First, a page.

How does this Jewish vow affect the doctrine of grace Paul so earnestly preached?
ESV - 23 Do therefore what we tell you. We have four men who are under a vow.
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The question is "How would Paul's doctrine of grace been affected had he completed the vow in Acts 21:23?" Paul's position on his teaching about the Grace of God would not be affected at all. Notice: 1 Corinthians 9:19-22: For though I be free from all men, yet have I made myself servant unto all, that I might gain the more. And unto the Jews I became as a Jew, that I might gain the Jews; to them that are under the law, as under the law, that I might gain them that are under the law; to them that are without law, as without law, (being not without law to God, but under the law to Christ,) that I might gain them that are without law. To the weak became I as weak, that I might gain the weak: I am made all things to all men, that I might by all means save some. And this I do for the gospel’s sake.........
Why did Paul go along with James and the others and agree to this? Fear, it was for fear of the "zealous of the law" Jews. Thousands of them, according to scripture. Their fear was real, as Paul had run ins with them earlier. But to go that far and engage in sacrifice, there had to be something to it. They wanted no doubt left in their minds of his (Paul's) devotion to the law. Mere keeping feast and eating kosher was not enough in their minds, It was an all or nothing proposition. But was this wise? Peter earlier had said Acts 15:9 "...purifying their hearts by faith." Faith in Christ, not sacrifice. Again 1 Peter 1:22 "Seeing you have purified your souls in obeying the truth through the Spirit unto unfeigned love of the brethren, see that you love one another with a pure heart fervently:"He knew! Paul in Hebrews 9: 23,24 (He may have been the one who wrote it) said, "It was therefore necessary that the patterns of things in the heavens should be 'purified' with these; but the heavenly things themselves with 'better' sacrifices than these. For Christ is not entered into the holy places made with hands, which are the figures of the true; but into heaven itself, now to appear in the presence of God for us:" Then he wrote in Galatians 2: 16-21, " 'Knowing' that a man is not justified by the works of the law, but by the faith of Jesus Christ, even we have believed in Jesus Christ, that we might be justified by the faith of Christ, and not by the works of the law: for by the works of the law shall no flesh be justified. But if, while we seek to be justified by Christ, we ourselves also are found sinners, is therefore Christ the minister of sin? God forbid. For if I build again the things which I destroyed, I make myself a transgressor. For I through the law am dead to the law, that I might live unto God. I am crucified with Christ: nevertheless I live; yet not I, but Christ lives in me: and the life which I now live in the flesh I live by the faith of the Son of God, who loved me, and gave himself for me. I do not 'frustrate' the grace of God: for if righteousness come by the law, then Christ is dead in vain." What are you saying Paul? Or are you saying one thing and doing another? Are you not "frustrating" the grace of God by doing sacrifice? No matter as it was not completely carried out and within 12 or 13 years later the whole temple was destroyed, stopping sacrifice for ever. Fulfilling Christ prophesy Luke 21:6. AS Christ is the final sacrifice. The effect? Mere frustration added to an already stumblingblock gospel,1 Cor. 1:23 KJV.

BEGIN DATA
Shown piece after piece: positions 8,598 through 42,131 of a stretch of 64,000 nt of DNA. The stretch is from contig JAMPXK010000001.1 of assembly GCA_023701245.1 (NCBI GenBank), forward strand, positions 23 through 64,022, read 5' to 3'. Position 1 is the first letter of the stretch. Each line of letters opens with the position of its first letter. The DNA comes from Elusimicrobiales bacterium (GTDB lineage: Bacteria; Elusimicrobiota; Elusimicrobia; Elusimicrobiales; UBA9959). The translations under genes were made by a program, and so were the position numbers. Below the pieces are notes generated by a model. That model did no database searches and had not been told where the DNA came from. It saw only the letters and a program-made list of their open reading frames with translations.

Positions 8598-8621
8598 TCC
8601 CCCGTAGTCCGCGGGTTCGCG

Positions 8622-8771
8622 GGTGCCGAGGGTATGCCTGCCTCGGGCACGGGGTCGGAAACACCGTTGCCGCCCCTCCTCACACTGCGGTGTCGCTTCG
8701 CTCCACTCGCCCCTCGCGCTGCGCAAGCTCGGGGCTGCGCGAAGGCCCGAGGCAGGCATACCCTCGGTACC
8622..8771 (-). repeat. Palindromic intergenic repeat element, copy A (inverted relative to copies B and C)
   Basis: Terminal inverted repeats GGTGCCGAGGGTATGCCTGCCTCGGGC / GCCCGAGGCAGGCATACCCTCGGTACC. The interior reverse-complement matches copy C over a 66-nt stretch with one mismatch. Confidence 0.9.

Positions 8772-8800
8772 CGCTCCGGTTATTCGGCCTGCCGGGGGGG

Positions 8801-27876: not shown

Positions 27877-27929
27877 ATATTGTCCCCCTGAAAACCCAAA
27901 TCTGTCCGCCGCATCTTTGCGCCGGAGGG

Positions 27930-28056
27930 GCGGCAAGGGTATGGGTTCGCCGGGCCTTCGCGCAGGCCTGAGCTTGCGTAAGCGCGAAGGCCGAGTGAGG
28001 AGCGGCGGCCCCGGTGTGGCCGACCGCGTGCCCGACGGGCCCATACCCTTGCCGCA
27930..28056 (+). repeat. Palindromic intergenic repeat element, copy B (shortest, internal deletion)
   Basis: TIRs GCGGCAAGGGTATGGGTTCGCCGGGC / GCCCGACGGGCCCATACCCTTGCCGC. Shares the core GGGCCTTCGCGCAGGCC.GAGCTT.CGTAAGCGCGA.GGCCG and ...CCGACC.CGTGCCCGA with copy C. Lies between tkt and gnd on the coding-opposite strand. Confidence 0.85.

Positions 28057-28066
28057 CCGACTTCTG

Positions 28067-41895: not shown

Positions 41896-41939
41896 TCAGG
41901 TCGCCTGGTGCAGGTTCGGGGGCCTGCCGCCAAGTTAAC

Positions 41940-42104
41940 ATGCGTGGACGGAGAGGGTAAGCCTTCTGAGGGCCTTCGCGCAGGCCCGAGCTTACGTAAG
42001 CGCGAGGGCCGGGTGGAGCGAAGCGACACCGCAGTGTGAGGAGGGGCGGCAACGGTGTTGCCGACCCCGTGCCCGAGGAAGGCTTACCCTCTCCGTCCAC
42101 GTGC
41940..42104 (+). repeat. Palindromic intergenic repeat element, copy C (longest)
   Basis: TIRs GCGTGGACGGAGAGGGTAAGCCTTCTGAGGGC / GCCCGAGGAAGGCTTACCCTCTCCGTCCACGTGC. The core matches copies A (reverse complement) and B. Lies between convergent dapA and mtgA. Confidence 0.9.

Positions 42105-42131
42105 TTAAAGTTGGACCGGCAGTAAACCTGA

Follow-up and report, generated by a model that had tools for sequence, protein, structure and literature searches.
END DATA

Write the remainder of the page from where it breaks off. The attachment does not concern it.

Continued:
Acts 21:27 “When the seven days were almost completed, the Jews from Asia, seeing him in the temple, stirred up the whole crowd and laid hands on him.” Notice the phrase “when the seven days were almost finished…” But we KNOW he did purify himself on the first day himself because Acts 21:26 says so. He just didn't get to complete all the seven day rites in accordance with Num 6:9-12. I don't feel Luke is trying to get us to focus on Paul not being able to complete the vows. The point is, he did in fact seek to contradict the rumors by following through with the vows and with sacrifices (Acts 21:24). As we read this passage, at first it does seem as if we have two seemingly contradictory convictions or concepts occurring in the text. I say “seemingly” because in point of fact, the Bible cannot contradict itself. Allow me to articulate what I believe the unspoken “contradictions” are, and then allow me to attempt to harmonize them. As one reads through the Bible with eyes opened by faith, one comes to the following conclusion affirmed by “Conviction A”: Jesus came to bring the sacrifices to their fullness by his once and for all sacrifice on the cross and in doing so accomplished our eternal redemption (Rom 3:24; 1 Peter 2:24; Ephesians 1:7; 1 Peter 1:3-5). As a Christian, I hold with a firm conviction to “Concept A.” As one reads through the TaNaKH (OT), one must come to the conclusion implied by “Concept B” that as long as the Temple stood, atonement existed on two levels: temporal and eternal. Temporal atonement for the worshippers as well as for the Holy Sanctum was procured by offering the mortal blood of animals on the altar at the Sanctuary. This temporal atonement ONLY provided “sanctification for the purification of the flesh” (Lev. 16:16 corroborated with Heb. 9:13, 14 demonstrate this temporal atonement explicitly). Conclusions: If Paul is bringing a sacrifice AFTER Yeshua has already accomplished his finished work on the cross, YET while the Temple was still standing in Paul’s day, then the only conclusion that harmonizes “Concept A” with “Concept B” is that Paul’s animal sacrifices were for temporal atonement ONLY. He still affirmed in his heart and spirit that Yeshua’s blood afforded him eternal atonement. I don't have a problem with Paul’s sacrifices because I don't believe Paul felt his sacrifice competed with Yeshua’s sacrifice on the cross. Indeed, as the Heb 9:13, 14 passage shows us, they work in tandem as long as there was a standing, functioning Temple. Of course, temporal atonement is a moot point today since there is no Temple. Lastly, if my stated conclusion is invalid (and there are other possibilities that I did not cover in this short space), then one is left with Paul either compromising on his convictions about Yeshua—a position we KNOW cannot be tenable, or we have Paul acquiescing out of fear of those Jews who were all “zealous for the Law” (Acts 21:20, 21), a position I don't feel suits Paul who demonstrated time and time again in the book of Acts that he was not afraid of opposition. Paul would not simply “become a Jew” just to win the favor of these pro-Torah Jews—especially since they were already believers. To wit, 1 Cor. 9:20 cannot be Paul’s way of approving “situation ethics,” else this would also excuse “doing wrong in order to get a chance to do right.”